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13

Failures Forgiven

Key References: Matthew 26; Mark 14; Luke 22; John 18; The Desire of Ages, chaps. 75, 76, pp. 698-722; The Bible Story (1994), vol. 9, pp. 78-87; Our Beliefs nos. 7, 9, 4

Power Text

“But I have prayed for you, Simon, that your faith may not fail. And when you have turned back, strengthen your brothers” (Luke 22:32).

Power Point

Like Jesus, we can forgive and encourage our friends even when they fail us.

Imagine one of your friends betraying you. Imagine the rest of your friends running away and leaving you to face a mob of angry people. Imagine forgiving and encouraging them anyway.

A full moon shines over Jerusalem. In the Garden of Gethsemane, Jesus stands over His sleeping disciples. Suddenly a mob breaks through the trees.

“Who is it you want?” Jesus asks calmly.

The disciples stagger to their feet. What’s going on? they wonder.

The mob answers. “Jesus of Nazareth.”

“I am He,” says Jesus. (See John 18:4, 5.)

Judas steps forward from the mob. “Greetings, Rabbi!” Judas pretends happy surprise as he greets Jesus with a customary kiss. The money that the priests gave him jingles in the pouch at his belt. Judas pulls away, but Jesus looks into his face.

“Judas, are you betraying the Son of Man with a kiss?” Jesus still speaks calmly. (See Luke 22:48.)

But Judas turns away from Jesus. His mind is made up. Even Jesus’ look, right into his heart, cannot move him to change now.

“Secure Him,” someone yells. The mob surges forward. The other disciples are wide awake now. They can’t believe their eyes. Jesus is actually letting them arrest Him.

“Let’s get out of here!” shouts Peter as the mob starts away with Jesus.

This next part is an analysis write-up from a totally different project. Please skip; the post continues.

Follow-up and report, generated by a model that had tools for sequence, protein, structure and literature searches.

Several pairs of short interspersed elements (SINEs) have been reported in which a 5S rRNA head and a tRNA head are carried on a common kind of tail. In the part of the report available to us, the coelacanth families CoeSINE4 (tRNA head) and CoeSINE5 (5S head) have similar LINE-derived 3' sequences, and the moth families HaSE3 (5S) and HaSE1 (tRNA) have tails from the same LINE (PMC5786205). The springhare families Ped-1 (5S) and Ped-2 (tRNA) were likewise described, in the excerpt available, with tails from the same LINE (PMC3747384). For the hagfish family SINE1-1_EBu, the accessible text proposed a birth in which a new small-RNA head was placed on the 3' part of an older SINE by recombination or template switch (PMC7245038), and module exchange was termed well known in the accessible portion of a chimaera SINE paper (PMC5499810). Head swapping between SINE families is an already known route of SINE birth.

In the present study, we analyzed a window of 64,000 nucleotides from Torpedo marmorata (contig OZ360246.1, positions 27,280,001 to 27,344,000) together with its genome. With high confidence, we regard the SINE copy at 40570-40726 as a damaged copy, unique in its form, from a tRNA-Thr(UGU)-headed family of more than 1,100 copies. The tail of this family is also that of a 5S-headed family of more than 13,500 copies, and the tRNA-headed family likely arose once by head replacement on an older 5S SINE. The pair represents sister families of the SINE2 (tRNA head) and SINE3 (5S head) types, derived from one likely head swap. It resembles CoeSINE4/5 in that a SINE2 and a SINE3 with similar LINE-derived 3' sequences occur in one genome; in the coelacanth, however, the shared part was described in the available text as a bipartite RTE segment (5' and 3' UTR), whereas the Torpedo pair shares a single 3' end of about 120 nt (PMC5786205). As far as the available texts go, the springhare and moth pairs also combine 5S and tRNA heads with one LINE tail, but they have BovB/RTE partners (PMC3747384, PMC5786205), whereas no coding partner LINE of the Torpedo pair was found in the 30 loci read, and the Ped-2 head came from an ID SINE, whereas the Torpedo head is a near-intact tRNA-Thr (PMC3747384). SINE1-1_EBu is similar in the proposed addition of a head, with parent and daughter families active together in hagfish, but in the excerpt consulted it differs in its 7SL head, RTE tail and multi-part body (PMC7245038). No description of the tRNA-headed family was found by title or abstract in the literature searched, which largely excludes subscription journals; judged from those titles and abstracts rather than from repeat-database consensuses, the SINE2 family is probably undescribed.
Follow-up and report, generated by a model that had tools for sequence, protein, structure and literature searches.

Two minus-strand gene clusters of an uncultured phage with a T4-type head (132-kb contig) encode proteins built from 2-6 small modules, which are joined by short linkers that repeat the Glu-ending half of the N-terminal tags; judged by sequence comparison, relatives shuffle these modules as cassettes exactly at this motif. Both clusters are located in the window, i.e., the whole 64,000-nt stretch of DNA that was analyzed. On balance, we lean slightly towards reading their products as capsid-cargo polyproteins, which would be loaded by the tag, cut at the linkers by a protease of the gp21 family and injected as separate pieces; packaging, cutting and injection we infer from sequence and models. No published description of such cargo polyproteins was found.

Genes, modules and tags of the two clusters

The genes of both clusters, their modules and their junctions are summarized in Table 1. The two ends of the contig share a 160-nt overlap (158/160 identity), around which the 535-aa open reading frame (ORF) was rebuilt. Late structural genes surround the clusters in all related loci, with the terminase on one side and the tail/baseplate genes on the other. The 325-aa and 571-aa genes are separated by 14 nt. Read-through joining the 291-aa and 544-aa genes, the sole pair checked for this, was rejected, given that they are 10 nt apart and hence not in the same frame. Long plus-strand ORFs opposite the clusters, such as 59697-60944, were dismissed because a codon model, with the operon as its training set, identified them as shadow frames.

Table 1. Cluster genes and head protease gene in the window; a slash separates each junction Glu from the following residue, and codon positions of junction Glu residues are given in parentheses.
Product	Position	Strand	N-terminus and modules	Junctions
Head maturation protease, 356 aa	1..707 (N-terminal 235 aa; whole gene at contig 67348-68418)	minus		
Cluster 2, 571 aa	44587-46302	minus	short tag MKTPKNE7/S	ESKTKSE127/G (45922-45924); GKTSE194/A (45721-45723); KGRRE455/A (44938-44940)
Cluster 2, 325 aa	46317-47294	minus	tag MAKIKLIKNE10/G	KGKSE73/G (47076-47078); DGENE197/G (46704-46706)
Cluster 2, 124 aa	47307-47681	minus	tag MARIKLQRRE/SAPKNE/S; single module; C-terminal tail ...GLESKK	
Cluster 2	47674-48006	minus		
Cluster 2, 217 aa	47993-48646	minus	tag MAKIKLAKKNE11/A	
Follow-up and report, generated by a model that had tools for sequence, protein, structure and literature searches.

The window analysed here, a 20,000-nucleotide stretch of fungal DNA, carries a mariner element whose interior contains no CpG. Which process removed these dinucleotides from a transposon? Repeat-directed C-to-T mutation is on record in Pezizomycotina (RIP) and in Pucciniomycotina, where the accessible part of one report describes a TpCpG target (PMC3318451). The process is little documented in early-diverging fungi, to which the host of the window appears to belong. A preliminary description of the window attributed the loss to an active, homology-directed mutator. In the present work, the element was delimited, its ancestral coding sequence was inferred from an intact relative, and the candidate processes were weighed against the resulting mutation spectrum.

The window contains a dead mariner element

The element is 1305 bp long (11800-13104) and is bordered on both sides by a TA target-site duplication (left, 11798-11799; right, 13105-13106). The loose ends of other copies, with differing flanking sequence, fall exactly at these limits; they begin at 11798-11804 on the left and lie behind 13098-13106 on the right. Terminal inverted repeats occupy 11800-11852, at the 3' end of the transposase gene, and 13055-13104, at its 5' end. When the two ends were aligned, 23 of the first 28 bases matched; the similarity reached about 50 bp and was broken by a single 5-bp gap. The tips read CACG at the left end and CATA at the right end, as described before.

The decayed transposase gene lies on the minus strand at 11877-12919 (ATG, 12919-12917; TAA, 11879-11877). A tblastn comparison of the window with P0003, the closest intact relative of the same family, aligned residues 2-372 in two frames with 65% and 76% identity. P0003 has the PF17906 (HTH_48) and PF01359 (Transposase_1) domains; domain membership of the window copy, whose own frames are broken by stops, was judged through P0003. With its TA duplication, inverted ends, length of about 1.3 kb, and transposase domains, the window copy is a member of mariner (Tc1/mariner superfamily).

Yet Peter can’t stay away not knowing what’s happening to his Master. He and John go to the courtyard outside the meeting place of the Sanhedrin.

John goes inside. He gets as close to Jesus as he can. Peter squats near a fire to get warm. As the light from the flames flickers on Peter’s face a woman servant looks at him carefully. She had noticed that he had come in with John, and she sees the sad look on Peter’s face. “This man was with Him,” she says. Suddenly all the people around the fire look at Peter.

A shiver runs across Peter’s shoulders. He pretends he doesn’t understand her.

“Woman,” Peter says with a cough.

“I don’t know Him.” A rooster crows.

Someone else looks at him and says, “You also are one of them.”

“Man, I am not!” Peter moves from the fire to a wall of the courtyard.

Time passes. Another servant walks by Peter. “Certainly this fellow was with Him, for he is a Galilean.”

Peter can’t stand it. He feels embarrassed to be identified with Jesus’ followers. The anger in his voice makes his words loud. Peter swears, saying, “Man, I don’t know what you’re talking about!” (See verses 56-60.)

The rooster crows again. This time Peter hears it. Suddenly he remembers Jesus’ words spoken just a few hours ago, “Peter, before the rooster crows today, you will deny three times that you know me.” (See verse 34.) At this very instant Jesus turns from the judges to look at Peter. The look of love and forgiveness shoots into Peter’s heart like an arrow. He remembers his own words of a few hours ago, “Lord, I am ready to go with you to prison and to death.” (See verse 33.) He rushes back to Gethesmane. He falls onto the cold ground where earlier Jesus had prayed to His Father. On this very spot Peter weeps with deep regret over his betrayal of the Master. He realizes that if he had listened to Jesus, if he had prayed instead of sleeping, he would have had the strength he needed to admit he was Jesus’ disciple.

Peter failed Jesus when he denied knowing Him. All of the disciples had failed Jesus when they were arguing about which one of them would be the greatest. Peter, James, and John had failed Jesus when they fell asleep time after time when Jesus had asked them to watch and pray with Him. Judas failed Jesus when he betrayed Him.

Jesus knew the weaknesses of His disciples, but He still loved each of them. Later, when they remembered that Jesus had told them that all these things would happen, they realized that Jesus loved them even though He knew they would do hurtful things.

All but Judas were drawn by Jesus’ love. He had tried to prepare them for the experience of His death, but they had been too focused on themselves to pay attention. They weren’t ready when Jesus was arrested and killed. But they found courage remembering Jesus’ words of comfort.

His love and encouragement gave them hope as they were about to face the greatest disappointment of their lives—the suffering and death of their dear Master.